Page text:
Cop Block Writer Views Unreleased Jay Anderson Footage, Shares Experience

Grey skies choked Milwaukee with gloomy overcast December 5th’s morning. At its cusp, 9:45am, I was to meet Jay Anderson’s family at the District Attorney’s office. Though aware we’d view footage captured by Wawuatosa PD dash camera’s, no one was prepared for the city’s decision.

Navigating the labyrinth Milwaukee PD’s administration building, courtrooms, attorneys offices, and jail nearly made me late. Upon arriving, however, I immediately became aware of the room’s heavy vibe, tears welling in eyes, and staring disbelief. Before viewing the footage, the family was informed that a decision had essentially been made. That decision, local media now reports, was to not charge Officer Joseph Mensah.

The young officer shot Jay at around 3am on June 23, nearly five months ago. In all that time no video, extensive statement, or press conference was held by Tosa PD. As residents shifted their view’s from unconditional respect of the department, suspicions grew. Even now, rumblings from the quiet suburb echo dissatisfaction of the investigation.

Accompanying me in the DA’s office were Jay’s parents, fiance, lawyers and family friends. Three clergy women from the Tosa Together group also patiently waited. When viewing time came, however, Tosa Together was denied entry.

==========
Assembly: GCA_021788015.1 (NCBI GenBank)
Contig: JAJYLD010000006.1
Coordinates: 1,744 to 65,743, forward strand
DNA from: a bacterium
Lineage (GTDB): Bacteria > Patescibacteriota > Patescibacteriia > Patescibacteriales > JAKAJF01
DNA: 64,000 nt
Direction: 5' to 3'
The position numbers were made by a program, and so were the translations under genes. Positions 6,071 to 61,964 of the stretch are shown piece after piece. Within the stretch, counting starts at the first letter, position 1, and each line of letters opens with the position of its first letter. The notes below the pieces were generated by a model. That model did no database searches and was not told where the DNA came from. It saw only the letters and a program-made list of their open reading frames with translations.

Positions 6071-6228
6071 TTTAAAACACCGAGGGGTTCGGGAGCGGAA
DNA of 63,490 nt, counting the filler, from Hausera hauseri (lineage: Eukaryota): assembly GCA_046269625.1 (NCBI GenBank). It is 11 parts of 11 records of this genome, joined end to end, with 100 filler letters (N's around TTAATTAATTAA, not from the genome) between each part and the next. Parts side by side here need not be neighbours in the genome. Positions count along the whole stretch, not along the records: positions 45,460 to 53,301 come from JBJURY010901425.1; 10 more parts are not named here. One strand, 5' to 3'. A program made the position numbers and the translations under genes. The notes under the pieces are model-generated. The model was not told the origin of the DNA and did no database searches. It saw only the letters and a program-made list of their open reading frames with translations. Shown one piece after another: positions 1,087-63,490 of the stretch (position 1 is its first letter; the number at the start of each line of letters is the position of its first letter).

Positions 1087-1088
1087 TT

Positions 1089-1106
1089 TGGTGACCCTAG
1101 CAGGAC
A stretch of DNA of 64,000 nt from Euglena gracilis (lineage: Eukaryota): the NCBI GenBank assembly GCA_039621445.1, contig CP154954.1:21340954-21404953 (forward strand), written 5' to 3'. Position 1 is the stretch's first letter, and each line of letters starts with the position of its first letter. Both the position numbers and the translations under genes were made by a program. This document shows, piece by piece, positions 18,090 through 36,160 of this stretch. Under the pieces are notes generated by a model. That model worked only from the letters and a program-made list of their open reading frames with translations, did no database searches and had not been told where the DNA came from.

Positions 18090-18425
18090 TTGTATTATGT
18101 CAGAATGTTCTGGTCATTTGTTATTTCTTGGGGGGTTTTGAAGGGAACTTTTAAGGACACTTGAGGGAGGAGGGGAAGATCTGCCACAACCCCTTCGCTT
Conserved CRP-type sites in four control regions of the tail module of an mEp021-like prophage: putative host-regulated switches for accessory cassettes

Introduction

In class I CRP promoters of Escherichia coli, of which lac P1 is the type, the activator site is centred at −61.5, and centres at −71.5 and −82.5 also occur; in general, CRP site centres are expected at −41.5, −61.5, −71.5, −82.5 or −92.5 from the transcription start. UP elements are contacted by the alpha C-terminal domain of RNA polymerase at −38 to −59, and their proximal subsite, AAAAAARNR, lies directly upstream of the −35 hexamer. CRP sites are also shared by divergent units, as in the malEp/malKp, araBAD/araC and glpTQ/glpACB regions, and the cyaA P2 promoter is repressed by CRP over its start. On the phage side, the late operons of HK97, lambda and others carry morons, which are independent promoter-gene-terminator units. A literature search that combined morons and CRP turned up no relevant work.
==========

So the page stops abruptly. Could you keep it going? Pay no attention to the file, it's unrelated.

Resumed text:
We stuffed the back office alongside District Attorney John Chistom, Chief Deputy DA Kent Lovern, and two Milwaukee PD investigators. I recall one being a Lt. McClain, the detective identified himself to me only as “Luke”.

We were initially showed the FBI “enhanced” footage, which is what was released. Everyone in the room, including the cops, DA Chistom and attorneys confessed it’s low quality. In fact, we moved along past the heavily pixilated clip. A point was made by one of the attorneys that nothing could be learned from the blurry clip.

The version showed to us, unlike the now public clip, was slowed down significantly–augmenting its uselessness. According to the investigators and DA, the only “enhancement’ FBI made was an enlargement. Whether this is the source of the heavy pixelation, and distortion is unknown. The Anderson’s waited on the adjustment for several months.

Next we viewed comparatively crystal clear the DOJ (Department Of Justice) enhanced footage. This clip sparked a very lively, heated back and forth between the DA, officers, and the family. DOJ’s footage allowed for more questions to be asked, rather than not being able to make anything out.

A even more telling thermal version of that same clip was also showed. It offered insight into Jay’s movements, and where brains landed after Mensah fired. A finial, equally crisp, yet longer video depicted Tosa PD backup enroute, as well as radio chatter, and arriving. Footage showing Jay getting shot–which is what was released–were void of audio. No satisfying answer was given as to why this occurred, and was subject to heated debate. Attorneys advised that no one record the conversation, and to cease if already doing so.

The video was fast forwarded several times past very evident radio chatter. This was done again once backup arrived, one officer noting Jay had “no pulse.” Family members attempted to point out how WPD stated Jay was alive for an hour after he was shot. Given the extent of his injuries, and observations made–and filmed–by officers, this seemed unlikely. A conversation with Mensah is then had, which was also cut short by fast forwarding.